Dallas is an ideal landing spot. Just ask roughly anyone on basketball Twitter. The Mavericks still need that second shot creator around Luka Doncic who won't actually knife into their megastar's volume and who will also give them quality defensive minutes. That describes Lowry to a T.
Cobbling together a workable package gets hairy right away.
Lowry is making $30.5 million, and Dallas doesn't have a boatload of mid-end assets or an immediate first-round pick to unload. Going out further into the future might get the job done, but it's a lofty price. Lowry isn't an All-Star in his prime, and if the Mavericks want him beyond this season, they'll have the cap flexibility to make a run at him without Toronto's help.
Expanding the deal to include the final two years and $22.2 million on Dwight Powell's contract unlocks more ambitious scenarios. Dallas' distant first won't be enough on its own because Doncic is a walking playoff berth who torpedoes its draft stock to the outside shopper. Giving the Raptors a flier on Josh Green and Tyrell Terry might be enough to get the green light.
Truthfully, this may look like an overpay for the Mavericks. It's not. Lowry is still an asset on the floor, and grabbing his Bird rights while wiping Powell's money from the ledger carves out a ton of different avenues to explore over the offseason. In the meantime, Dallas vaults up the Western Conference's championship hierarchy with a fits-like-a-glove trio of Doncic, Lowry and Kristaps Porzingis.
Victor Oladipo Gets Rerouted to New Orleans (After Feb. 2)
Chicago Bulls Receive: Lonzo Ball
Houston Rockets Receive: Lauri Markkanen, JJ Redick, 2021 L.A. Lakers first-round pick (protected Nos. 8-30; unprotected in 2022), New Orleans' 2022 first-round pick (lottery protection)
New Orleans Pelicans Receive: Victor Oladipo, P.J. Tucker
Allow us to begin with the Pelicans. Does a Brandon Ingram-Victor Oladipo-Zion Williamson troika count as a Big Three? We're going to say yes. Is it one New Orleans should want to forge? Debatable.
Oladipo arms the Pelicans with another body who can attack set defenses and deliver secondary playmaking. He historically isn't the cleanest off-ball fit and has seen his efficiency drop in Houston, but he's converting 42.1 percent of his spot-up triples on the season. New Orleans also needs more bodies to throw at wings on defense, and he's exactly that, albeit in pint-size form.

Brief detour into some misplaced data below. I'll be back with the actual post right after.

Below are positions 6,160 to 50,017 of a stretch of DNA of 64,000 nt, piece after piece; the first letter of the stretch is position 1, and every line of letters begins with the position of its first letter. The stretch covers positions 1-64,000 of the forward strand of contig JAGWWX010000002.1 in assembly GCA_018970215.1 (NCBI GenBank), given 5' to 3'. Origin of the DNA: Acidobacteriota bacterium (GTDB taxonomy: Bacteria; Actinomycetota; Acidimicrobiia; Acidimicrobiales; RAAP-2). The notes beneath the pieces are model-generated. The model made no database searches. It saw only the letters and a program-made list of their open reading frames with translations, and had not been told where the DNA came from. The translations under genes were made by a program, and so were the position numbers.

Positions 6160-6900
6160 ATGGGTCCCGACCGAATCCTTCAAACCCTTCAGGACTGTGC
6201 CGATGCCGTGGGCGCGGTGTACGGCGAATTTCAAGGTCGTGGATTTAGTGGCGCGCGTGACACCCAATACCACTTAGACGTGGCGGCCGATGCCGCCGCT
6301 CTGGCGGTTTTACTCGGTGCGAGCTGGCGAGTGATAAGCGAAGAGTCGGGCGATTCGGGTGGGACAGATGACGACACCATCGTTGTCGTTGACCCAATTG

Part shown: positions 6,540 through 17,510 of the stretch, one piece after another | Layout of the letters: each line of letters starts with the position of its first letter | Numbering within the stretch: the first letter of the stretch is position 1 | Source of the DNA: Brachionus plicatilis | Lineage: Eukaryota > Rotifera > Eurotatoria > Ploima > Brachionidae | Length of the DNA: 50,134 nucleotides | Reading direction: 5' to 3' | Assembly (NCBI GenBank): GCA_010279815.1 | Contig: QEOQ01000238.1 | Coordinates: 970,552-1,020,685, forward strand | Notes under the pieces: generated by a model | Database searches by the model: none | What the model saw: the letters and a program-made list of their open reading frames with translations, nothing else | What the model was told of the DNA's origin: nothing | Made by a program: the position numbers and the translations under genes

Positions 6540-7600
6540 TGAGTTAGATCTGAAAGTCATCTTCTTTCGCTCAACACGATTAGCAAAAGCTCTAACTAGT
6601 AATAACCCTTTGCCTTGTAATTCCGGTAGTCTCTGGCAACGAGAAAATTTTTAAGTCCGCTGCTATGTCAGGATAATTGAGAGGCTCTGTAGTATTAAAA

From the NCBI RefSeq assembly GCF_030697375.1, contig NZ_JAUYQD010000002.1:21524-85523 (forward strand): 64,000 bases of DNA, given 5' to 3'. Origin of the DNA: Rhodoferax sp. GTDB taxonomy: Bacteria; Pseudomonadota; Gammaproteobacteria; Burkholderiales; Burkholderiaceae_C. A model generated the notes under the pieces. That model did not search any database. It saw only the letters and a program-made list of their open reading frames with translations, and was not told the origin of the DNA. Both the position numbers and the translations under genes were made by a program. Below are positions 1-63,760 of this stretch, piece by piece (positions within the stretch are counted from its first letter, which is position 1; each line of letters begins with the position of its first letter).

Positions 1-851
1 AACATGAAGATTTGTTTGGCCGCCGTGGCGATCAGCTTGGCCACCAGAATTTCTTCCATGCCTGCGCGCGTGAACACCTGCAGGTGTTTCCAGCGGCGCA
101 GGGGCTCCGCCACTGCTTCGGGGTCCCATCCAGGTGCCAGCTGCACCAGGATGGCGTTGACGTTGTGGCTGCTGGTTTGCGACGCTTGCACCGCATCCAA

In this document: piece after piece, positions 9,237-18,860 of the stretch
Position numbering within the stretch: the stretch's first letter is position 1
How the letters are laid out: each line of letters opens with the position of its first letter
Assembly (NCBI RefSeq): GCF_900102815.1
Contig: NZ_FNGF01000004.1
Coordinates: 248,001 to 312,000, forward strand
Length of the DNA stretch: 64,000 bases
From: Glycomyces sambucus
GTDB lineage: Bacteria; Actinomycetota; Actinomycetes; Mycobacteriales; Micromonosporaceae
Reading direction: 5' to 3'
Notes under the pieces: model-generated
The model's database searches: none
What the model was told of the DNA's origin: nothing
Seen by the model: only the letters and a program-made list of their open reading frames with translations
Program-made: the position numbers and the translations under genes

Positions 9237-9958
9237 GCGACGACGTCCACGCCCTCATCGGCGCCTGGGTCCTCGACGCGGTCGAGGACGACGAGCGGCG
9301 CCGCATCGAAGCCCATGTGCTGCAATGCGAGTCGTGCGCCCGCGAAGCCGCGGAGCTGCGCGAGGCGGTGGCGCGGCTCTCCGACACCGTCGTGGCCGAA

Surrendering actual value for a soon-to-be free agent incites all sorts of questions for the Pelicans. Chief among them: How much will he cost to keep? Does it make sense to pay him, a maxed-out Ingram, Steven Adams and Josh Hart, a restricted free agent this summer? Are they even good enough this year to justify a win-now play for someone who isn't Bradley Beal?
Again: This is all debatable. But Oladipo isn't costing the Pelicans a ton of equity here.
They are already shopping Lonzo Ball and JJ Redick, according to The Athletic's Shams Charania, and it'll be a legitimate shock if that bound-to-be-2022 Lakers pick conveys earlier than No. 23. Including a protected 2022 first of their own is hardly overkill when they're getting P.J. Tucker, too. They can rework the deal to potentially save a first if they don't want him, but he's a utopian fit up front next to Zion.
Chicago's position comes down to whether it'll flip one restricted-free-agent-to-be for another. It's not an easy decision. Lauri Markkanen has yet to meaningfully deepen his offensive bag, but he's been better than Ball this year.
Still, Lonzo gives the Bulls a third playmaker to monitor alongside Zach LaVine and Coby White. And unlike both, he's a pass-first floor general.
He doesn't put traditional pressure on defenses in the half court, but that's where LaVine and White come in. Chicago can mitigate any potential awkwardness by pinky-swearing to get out in transition more often when Ball is running the show. That he's already a highly disruptive defender should count for something.
Two firsts, Markkanen and an expiring salary should be enough for the Rockets to part with Oladipo. They clearly chose him over Caris LeVert in the James Harden blockbuster for a reason. Maybe it was to keep him. But shelling out near-max money to re-sign him doesn't make much sense when they're miles outside the contender clique.
This package amounts to selling high on him and Tucker, two players who may just leave for nothing over the offseason. Houston might even be able to extract value out of another team for Redick's services.